On the other hand, it is convenient to separate the potential energy V into two parts V1(s) and V2(x, s). V1(s) is defined as the potential along C, while V2(x, s) ≡ V - V1. V2(0, s) =0 due to the definition of V1(s).
Now we are ready to write down the Hamiltonian as
This Hamiltonian immediately leads to the Hamilton-Jacobi equation ;
where W(x, s, α) is the Hamilton's characteristic function and α1 is a constant of motion representing the total energy. The momenta are related to W by the following equations:
The equation (7) is of course not easy to solve because it involves two coordinates (x and s). We therefore try to separate the variables in this section. Specifically we seek for a solution in the following form:
The reason why we used "≅" instead of "=" is simply because, as we will see later, without adiabatic approximation we cannot obtain the solution in the form (10).
After substitution of (10) into (7) and some algebra, the equation (7) becomes
In the equation (11), we immediately see that the left-hand side does not contain x, which allows us to set the both sides equal to a function α2(s) of only s. Thus (11) becomes the following two equations:
The two equations (12) and (13) appear to be two separate Hamilton-Jacobi equations, one (12) for s and the other (13) for x, except for the fact that (13) includes s. (12) corresponds to the motion of s along C, while (13) represents the vibrational motion of x in a direction perpendicular to C. From this point of view, U(x, s) serves as an effective potential for the vibrational motion.
The physical meaning of the adiabatic approximation is to assume that the time scale of x, that is, the period of the oscillatory motion is much faster than the time scale of s, that is, the motion along C. With this approximation, the slow motion of s is influenced not directly by the fast oscillatory motion of x but only by the time average of x. This is the reason why (12) does not explicitly include x.
The consideration in the previous paragraph implies what we should do next. We need to calculate the x0 which minimizes U(x, s). Since x0 can be looked on as the average, or the center, of x through vibrational motion, we can expand functions of x including U(x, s) around x = x0. After the expansion, we can effectively average out the vibrational motion and will obtain an essential equation to determine α(s).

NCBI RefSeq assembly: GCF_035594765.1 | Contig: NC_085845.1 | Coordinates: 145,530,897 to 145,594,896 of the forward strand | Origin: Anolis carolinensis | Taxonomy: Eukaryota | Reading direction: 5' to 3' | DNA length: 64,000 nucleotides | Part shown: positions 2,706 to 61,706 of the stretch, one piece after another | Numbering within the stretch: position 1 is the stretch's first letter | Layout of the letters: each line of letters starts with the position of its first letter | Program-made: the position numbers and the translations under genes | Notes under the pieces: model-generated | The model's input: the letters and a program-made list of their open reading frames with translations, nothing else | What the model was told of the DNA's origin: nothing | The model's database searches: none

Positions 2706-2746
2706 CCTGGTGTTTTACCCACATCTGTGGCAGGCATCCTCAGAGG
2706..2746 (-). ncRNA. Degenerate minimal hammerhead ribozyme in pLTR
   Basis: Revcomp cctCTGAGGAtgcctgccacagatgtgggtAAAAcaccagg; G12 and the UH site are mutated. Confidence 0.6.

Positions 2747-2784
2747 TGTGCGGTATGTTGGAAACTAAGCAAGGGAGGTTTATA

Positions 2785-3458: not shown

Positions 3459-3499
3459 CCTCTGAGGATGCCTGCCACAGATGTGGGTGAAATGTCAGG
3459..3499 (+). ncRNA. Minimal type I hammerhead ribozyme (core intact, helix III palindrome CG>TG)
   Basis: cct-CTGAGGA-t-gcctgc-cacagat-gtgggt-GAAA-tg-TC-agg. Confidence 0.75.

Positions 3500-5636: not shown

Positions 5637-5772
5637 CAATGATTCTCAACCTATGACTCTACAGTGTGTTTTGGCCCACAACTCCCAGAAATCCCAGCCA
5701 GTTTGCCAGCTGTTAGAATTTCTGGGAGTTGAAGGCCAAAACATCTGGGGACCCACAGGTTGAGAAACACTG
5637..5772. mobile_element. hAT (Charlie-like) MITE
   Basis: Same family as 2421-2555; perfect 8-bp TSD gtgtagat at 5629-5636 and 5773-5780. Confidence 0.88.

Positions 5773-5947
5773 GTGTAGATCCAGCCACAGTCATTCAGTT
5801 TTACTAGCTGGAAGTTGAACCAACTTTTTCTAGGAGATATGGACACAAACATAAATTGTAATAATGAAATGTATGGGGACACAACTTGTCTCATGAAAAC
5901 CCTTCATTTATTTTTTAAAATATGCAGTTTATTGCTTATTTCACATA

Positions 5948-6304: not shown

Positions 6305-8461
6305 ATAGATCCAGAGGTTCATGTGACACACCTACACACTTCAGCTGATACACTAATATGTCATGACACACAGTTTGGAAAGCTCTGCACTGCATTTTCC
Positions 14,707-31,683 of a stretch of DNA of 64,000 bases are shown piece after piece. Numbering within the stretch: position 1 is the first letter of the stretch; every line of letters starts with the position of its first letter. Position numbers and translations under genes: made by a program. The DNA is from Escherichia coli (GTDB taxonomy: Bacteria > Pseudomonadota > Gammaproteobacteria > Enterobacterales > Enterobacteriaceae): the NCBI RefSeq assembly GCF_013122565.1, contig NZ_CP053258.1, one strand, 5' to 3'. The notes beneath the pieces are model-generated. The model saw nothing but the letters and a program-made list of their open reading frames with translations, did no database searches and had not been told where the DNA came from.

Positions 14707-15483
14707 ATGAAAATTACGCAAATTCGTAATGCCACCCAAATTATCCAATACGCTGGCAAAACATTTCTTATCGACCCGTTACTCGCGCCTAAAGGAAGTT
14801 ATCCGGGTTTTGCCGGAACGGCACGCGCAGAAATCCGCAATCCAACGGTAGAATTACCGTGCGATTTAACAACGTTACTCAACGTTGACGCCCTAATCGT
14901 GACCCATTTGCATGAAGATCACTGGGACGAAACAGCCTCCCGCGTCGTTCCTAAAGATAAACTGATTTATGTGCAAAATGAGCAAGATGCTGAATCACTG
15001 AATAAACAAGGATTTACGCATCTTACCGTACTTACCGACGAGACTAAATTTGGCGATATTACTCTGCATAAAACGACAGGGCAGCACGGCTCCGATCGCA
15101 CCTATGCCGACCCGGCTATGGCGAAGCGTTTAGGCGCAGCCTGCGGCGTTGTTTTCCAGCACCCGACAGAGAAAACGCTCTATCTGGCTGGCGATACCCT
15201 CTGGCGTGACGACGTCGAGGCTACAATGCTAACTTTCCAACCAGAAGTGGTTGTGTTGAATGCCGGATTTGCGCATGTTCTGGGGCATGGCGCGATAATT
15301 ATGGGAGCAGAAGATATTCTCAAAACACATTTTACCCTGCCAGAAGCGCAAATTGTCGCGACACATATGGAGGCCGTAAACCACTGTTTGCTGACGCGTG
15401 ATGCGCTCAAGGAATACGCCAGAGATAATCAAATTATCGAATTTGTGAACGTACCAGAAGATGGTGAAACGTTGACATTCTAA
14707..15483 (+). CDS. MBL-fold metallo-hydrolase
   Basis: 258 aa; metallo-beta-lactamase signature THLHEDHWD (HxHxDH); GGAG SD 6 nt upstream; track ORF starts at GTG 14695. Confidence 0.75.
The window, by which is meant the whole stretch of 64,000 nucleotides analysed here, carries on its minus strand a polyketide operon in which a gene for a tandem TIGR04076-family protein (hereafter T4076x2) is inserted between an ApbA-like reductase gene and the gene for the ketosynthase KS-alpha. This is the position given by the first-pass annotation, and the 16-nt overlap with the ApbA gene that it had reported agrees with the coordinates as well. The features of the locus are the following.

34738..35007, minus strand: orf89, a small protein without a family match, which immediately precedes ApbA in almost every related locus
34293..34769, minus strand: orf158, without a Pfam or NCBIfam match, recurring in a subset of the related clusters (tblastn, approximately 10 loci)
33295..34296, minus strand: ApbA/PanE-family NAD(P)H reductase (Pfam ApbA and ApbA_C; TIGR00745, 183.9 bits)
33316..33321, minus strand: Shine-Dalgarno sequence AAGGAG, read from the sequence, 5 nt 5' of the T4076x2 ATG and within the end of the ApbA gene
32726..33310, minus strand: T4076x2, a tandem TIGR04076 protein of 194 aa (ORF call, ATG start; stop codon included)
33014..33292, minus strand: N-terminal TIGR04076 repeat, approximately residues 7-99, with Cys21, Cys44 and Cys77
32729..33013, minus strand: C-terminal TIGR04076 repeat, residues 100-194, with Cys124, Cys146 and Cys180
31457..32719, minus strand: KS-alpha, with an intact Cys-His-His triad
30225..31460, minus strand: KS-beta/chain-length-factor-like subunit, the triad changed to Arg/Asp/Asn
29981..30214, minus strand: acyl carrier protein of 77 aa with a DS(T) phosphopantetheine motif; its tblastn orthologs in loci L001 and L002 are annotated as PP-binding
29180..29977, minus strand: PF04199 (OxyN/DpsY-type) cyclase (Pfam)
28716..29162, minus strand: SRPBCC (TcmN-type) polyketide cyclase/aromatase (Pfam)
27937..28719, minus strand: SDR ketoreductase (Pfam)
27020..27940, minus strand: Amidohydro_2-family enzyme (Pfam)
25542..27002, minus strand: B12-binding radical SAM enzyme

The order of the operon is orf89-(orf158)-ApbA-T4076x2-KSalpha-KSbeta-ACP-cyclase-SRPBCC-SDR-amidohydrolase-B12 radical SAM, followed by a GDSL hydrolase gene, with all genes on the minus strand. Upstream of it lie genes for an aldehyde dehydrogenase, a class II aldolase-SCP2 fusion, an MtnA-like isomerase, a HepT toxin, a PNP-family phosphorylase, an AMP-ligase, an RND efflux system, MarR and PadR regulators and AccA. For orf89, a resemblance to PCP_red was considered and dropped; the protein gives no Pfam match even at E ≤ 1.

Let us follow the procedure above. The derivative of (14) with respect to x should be zero at x = x0, so
By solving (15) with respect to x0, we obtain x0 using α2. We next expand functions of x in (11) around x0 and, by using (8) and (14), we have
The equation (16) is very convenient because x is not contained except in the first bracket, which represents vibrational energy. We can then solve the equation
and take the average of E over the time scale longer than the period of vibration in order to obtain E0. This E0 is substituted into (16), giving
Note that introducing an action variable for the vibrational motion makes it easier to obtain E0, though it is not essential. This procedure is explained in .
Since we have all the essential equations, we here summarize the solution procedure of the standard problem in which s is to be determined as a function of t given V1, V2 and initial conditions. We have already noted that (15) gives the functional form of x0(s) by using α2. This x0 can be substituted into (18) and we can determine α2(s). (12) then becomes very easy integration problem and W1(s, α) is thus obtained. Finally, W1 is substituted into (8) to give the relation between momentum ps and coordinate s. Since Hamilton's equation suggests that ps = μ(1 + κx0)ds/dt, s(t) is thus determined.
© 2007 Ko Munakata. The author grants permission to copy, distribute and display this work in unaltered form, with attributation to the author, for noncommercial purposes only. All other rights, including commercial rights, are reserved to the author.
 R. A. Marcus, J. Chem. Phys. 45, 4500 (1966).
 Potential energy surface plots obtained by simulating realistic systems are found in many articles about kinetic theory of chemical reaction. See, for example, Fig. 3 in R. E. Weston, J. Chem. Phys. 31, 892 (1959).
 C. G. Gibson, Elementary Geometry of Differentiable Curves: An Undergraduate Introduction (Cambridge, 2001).
 H. C. Corben and P. Stehle, Classical Mechanics (Wiley, 1960). Section 58 and 59 of this book treat various contact transformation methods by generating function, while sec. 95 explains a topic similar to the discussion leading to the Hamiltonian (6).
 H. Goldstein, C. Pole and J. Safko, Classical Mechanics (Addison-Wesley, 2002).